Market leader for advanced, productivity-enhancing products and solutions for metal cutting. The focus is on increasing customer productivity by providing products, services and applications know-how.
Customers include companies in the general engineering, aerospace and automotive industries, the energy sector, as well as the electronics and medical technology industries.
This is actually a business value investors should be familiar with. Seven years ago Warren Buffett's Berkshire Hathaway bought an 80% stake in a company named ISCAR, based in Israel, that produces exactly the same kind of tools. Since then Buffett seems to have literally have fallen in love with the business and recently bought the remaining 20% of ISCAR that Berkshire Hathaway did not already own for $2.05 billion. As he paid $4 billion for 80% seven years ago, this means that the value of the business has doubled over the past 7 years. ISCAR is the largest single investment that Berkshire has made outside the United States so far. (Source)
The production of cutting tools is a highly automated process, only a few people are required to run a huge production site. On the consumer side, tools need to be replaced on average after 25 minutes. So this seems to be a case of a razor/razor blade franchise.
While I believe that both Caterpillar and Sandvik are good value at current price levels, in my opinion Sandvik is the better choice for conservative investors. It is less leveraged, needs less capital expenditures, pays a higher dividend and enjoys better business economics. While the business remains subject to economic cycles, the cutting tool franchise has proved to be a solid base that even during the Great Recession remained profitable.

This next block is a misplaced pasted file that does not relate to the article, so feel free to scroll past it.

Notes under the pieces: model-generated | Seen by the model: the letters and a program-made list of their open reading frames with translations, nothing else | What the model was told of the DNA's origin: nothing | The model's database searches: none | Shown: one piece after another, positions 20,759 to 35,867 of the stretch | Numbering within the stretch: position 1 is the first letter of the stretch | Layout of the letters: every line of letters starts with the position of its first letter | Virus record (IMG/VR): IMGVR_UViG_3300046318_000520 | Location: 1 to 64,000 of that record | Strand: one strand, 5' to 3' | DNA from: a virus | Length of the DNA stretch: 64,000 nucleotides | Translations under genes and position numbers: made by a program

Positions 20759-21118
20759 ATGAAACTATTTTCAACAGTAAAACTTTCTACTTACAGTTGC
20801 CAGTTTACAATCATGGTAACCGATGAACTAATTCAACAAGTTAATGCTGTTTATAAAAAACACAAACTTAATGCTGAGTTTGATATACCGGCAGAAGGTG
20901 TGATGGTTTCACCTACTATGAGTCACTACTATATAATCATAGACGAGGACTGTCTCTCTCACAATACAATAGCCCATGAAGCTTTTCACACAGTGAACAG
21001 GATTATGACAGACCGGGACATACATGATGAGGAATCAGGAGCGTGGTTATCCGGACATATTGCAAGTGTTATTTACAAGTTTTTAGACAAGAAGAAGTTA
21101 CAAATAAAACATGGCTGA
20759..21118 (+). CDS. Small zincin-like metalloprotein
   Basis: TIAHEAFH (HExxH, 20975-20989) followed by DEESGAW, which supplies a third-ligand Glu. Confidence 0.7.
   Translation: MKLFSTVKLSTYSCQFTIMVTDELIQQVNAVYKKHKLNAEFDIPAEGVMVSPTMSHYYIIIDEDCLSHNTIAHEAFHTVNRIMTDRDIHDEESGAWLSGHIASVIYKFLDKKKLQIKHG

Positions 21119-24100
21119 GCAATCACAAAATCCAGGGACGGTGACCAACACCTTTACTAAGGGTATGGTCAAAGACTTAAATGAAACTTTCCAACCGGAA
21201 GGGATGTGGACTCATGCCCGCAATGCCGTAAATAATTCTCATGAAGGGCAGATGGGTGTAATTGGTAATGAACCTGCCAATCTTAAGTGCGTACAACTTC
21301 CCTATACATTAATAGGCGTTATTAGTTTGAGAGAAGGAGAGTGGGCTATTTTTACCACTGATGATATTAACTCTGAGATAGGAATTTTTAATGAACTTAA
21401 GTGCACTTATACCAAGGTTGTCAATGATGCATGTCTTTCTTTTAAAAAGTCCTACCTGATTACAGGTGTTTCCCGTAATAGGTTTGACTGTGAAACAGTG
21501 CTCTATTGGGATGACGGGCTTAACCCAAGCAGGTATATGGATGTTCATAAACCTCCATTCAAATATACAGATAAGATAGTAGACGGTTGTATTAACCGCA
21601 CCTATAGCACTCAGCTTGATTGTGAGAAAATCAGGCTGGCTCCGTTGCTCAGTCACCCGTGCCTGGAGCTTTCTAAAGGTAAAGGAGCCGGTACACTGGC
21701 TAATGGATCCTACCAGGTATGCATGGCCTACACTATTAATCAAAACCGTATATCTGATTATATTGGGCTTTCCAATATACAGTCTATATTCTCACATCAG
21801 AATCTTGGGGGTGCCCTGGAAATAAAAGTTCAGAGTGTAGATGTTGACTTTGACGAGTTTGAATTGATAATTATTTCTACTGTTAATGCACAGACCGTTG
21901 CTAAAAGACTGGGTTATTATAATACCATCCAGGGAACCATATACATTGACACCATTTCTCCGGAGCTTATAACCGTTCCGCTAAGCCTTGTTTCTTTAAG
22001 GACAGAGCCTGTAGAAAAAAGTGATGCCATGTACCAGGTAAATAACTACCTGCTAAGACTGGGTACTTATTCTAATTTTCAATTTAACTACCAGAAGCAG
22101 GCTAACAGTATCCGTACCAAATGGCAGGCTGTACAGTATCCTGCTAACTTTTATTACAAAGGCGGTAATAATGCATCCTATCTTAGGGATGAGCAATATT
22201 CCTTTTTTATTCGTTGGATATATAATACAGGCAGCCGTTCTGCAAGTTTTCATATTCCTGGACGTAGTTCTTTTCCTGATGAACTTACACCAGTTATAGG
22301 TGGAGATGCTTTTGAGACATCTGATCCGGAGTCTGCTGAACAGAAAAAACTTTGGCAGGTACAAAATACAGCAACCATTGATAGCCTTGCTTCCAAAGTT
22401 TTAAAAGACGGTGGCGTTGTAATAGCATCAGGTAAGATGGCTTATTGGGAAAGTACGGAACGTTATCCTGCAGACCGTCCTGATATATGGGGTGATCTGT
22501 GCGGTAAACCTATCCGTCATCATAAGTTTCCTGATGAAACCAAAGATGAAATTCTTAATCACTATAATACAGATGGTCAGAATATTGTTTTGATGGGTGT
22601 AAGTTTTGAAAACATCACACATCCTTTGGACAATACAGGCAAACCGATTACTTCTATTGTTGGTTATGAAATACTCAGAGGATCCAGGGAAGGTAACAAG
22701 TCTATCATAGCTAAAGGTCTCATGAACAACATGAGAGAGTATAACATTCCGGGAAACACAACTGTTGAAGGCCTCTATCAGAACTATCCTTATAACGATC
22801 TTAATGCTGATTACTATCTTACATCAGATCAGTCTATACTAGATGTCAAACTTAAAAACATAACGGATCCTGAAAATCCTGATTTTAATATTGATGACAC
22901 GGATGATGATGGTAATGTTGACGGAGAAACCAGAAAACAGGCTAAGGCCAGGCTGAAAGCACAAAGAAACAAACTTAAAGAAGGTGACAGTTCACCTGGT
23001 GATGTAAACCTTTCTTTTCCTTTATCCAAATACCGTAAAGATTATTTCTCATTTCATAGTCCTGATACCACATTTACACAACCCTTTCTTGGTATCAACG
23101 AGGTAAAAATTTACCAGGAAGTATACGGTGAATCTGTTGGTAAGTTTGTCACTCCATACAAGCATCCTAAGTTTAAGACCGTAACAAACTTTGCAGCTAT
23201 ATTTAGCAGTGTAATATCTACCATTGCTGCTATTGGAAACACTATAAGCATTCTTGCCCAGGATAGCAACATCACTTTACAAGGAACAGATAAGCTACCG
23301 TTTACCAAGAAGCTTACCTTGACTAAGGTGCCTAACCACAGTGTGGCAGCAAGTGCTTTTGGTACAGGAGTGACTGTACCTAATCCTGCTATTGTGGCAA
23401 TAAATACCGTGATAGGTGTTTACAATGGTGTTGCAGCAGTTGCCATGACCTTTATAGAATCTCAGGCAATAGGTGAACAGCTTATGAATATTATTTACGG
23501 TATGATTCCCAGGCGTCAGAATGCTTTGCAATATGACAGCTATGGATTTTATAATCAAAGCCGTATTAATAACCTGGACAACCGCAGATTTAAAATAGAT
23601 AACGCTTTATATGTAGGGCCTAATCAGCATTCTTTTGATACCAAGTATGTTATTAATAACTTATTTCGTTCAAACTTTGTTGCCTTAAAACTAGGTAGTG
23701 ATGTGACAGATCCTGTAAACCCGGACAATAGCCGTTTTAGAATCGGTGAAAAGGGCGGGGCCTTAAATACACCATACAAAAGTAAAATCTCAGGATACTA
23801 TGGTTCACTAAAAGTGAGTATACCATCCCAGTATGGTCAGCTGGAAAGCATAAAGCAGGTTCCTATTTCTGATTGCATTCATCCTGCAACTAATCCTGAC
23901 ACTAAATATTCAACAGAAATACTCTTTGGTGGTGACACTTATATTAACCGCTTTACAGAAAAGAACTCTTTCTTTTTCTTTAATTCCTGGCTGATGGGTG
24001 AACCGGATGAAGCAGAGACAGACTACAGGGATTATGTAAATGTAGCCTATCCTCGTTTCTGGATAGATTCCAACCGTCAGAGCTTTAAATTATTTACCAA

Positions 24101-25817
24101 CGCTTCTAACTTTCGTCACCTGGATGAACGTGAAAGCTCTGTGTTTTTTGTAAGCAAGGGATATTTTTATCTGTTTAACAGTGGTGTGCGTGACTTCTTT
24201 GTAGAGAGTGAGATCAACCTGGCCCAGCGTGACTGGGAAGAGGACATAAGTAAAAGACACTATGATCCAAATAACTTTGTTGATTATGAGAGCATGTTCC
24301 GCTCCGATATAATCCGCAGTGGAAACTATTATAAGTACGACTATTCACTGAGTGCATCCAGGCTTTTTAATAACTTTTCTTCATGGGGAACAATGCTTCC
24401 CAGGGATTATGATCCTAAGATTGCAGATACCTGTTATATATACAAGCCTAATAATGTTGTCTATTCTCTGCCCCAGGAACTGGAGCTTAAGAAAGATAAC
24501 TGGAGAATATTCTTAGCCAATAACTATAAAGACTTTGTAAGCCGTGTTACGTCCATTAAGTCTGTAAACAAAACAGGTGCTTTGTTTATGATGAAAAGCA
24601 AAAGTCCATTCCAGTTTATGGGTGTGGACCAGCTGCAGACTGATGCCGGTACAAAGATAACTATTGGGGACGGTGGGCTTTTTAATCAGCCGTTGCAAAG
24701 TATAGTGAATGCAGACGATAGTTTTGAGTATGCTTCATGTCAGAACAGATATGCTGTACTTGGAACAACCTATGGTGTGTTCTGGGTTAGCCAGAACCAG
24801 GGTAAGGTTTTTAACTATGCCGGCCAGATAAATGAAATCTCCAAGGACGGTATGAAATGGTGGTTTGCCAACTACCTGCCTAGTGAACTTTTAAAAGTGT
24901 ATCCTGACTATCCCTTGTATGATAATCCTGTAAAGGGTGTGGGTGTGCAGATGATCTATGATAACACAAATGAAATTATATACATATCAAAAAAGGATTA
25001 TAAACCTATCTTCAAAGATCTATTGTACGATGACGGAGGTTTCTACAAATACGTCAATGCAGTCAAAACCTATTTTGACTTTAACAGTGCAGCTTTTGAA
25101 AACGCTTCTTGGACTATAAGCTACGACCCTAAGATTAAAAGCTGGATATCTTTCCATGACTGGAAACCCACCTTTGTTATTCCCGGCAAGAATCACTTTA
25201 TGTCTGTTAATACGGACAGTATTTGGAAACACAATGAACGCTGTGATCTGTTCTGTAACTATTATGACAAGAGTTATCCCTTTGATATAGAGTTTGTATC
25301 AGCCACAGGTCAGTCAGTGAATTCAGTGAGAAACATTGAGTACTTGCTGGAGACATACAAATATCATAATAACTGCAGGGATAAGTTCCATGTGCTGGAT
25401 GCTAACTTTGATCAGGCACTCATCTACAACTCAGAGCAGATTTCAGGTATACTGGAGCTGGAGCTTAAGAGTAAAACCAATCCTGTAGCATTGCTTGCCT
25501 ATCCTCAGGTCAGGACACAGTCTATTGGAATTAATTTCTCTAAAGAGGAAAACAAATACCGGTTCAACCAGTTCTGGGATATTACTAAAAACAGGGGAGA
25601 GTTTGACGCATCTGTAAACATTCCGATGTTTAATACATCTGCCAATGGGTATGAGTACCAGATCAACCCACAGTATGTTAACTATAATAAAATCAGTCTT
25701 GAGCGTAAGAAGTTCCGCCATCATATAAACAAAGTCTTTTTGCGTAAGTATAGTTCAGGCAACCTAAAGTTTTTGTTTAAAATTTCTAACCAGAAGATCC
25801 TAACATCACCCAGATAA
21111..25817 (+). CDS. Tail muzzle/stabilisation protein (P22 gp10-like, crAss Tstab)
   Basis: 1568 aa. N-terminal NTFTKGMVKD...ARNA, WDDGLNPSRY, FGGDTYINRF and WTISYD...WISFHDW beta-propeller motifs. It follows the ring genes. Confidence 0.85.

During its recent Capital Markets Day Sandvik's management has outlined its strategy for the next few years. By focusing on higher returns on allocated capital, lower earnings volatility and increased supply chain efficiency the company has good chances to deliver on its long-term 8% CAGR / 25% ROCE target.
Consensus estimates for 2015 see EPS growing to SEK 8.84, which translates into a current share price of less than 10 times expected earnings for 2015. As recently as 2011 Sandvik has traded at a PER of more than 20, but even at a fair value PER of about 15 the shares should definitely have a good chance to get back to their 2011 high of SEK 135. Including dividends, if it takes three years for the shares to reach SEK 135, the total return would be about 20%/year. Even if it takes five years, investors would make a more than decent 12%/year.
Sandvik's ADRs are traded with decent liquidity in the OTC market segment.
For further analysis:
Disclosure: I have no positions in any stocks mentioned, and no plans to initiate any positions within the next 72 hours. I wrote this article myself, and it expresses my own opinions. I am not receiving compensation for it (other than from Seeking Alpha). I have no business relationship with any company whose stock is mentioned in this article.